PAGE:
Dirt Church: The Reformation of Canadian Rockers Groupoem

Groupoem guitarist and songwriter Terry Robinson says in their documentary, “In a way, I don’t think any of us could do anything without each other.”  Do his bandmates agree?  Well, the band originally formed in Toronto in the Eighties, but broke up in 1989.  Bassist Darren Katamay set out to find the rest of the band in 2012, discovering that all of them had coincidentally moved to the Vancouver area.  That was enough of a divine signal for him to shout the ancient rallying cry, “We’re getting the band back together!”

Groupoem self-released Dirt Church in May 2017, a nineteen-track album featuring several tracks recorded in the late Eighties plus new songs the reformed band has worked on between 2013 and 2016.  The music is raw and grungy, reminiscent of the Nineties although Groupoem was inactive through that decade.  Their freewheelin’ vocalist “Marph” sounds like a cross between Eddie Vedder and a street corner evangelist; when the rest of the band tracked him down to get back together, he was living off the grid in the Canadian wilderness.  “I was just kind of enjoying the idea of no electricity,” Marph says in the documentary.  “Like, I wasn’t contaminated by electricity — I didn’t require that stuff being pumped (into) my house.”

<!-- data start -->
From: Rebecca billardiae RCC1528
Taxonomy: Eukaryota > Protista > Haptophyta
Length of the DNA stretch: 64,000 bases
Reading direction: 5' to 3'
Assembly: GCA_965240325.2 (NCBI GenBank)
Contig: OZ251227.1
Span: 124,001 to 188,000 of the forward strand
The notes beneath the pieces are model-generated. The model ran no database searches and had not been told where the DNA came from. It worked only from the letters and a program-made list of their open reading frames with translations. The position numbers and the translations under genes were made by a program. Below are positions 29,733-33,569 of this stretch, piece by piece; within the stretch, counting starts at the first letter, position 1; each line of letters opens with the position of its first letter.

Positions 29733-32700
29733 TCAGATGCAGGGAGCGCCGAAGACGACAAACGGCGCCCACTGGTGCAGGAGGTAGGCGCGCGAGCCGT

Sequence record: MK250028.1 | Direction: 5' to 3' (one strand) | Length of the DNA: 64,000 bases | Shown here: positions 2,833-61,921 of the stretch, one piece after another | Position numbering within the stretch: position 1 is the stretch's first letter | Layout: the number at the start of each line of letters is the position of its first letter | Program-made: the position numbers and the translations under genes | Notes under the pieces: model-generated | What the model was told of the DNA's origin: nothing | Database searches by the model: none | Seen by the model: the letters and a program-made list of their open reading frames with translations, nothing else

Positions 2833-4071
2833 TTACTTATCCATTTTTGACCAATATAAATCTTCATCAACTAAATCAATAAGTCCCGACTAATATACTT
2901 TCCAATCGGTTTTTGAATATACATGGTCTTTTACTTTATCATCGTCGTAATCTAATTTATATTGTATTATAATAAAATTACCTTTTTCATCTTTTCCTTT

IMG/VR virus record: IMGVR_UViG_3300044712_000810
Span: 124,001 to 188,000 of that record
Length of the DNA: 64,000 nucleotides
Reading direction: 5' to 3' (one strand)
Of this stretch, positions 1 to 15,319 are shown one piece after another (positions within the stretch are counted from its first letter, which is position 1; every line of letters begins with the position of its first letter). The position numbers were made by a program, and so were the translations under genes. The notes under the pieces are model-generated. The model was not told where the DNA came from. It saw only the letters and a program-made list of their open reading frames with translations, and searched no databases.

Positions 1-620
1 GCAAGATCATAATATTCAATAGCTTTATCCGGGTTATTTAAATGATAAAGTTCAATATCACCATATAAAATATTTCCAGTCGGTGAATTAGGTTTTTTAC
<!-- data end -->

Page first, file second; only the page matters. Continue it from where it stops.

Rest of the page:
Luckily for Groupoem, Marph was willing to interact with electricity to make a record.  Now just months after Dirt Church’s release, the band is hard at work on a follow-up album.  Their distinctive blend of punk, psychedelia, and spoken word is sure to gain them some new listeners.  Check out some Groupoem tracks below and let us know what you think!

For more from Groupoem, find them on Facebook, Twitter, and the web.  

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This post was sponsored by Independent Music Promotions.  All opinions are our own.

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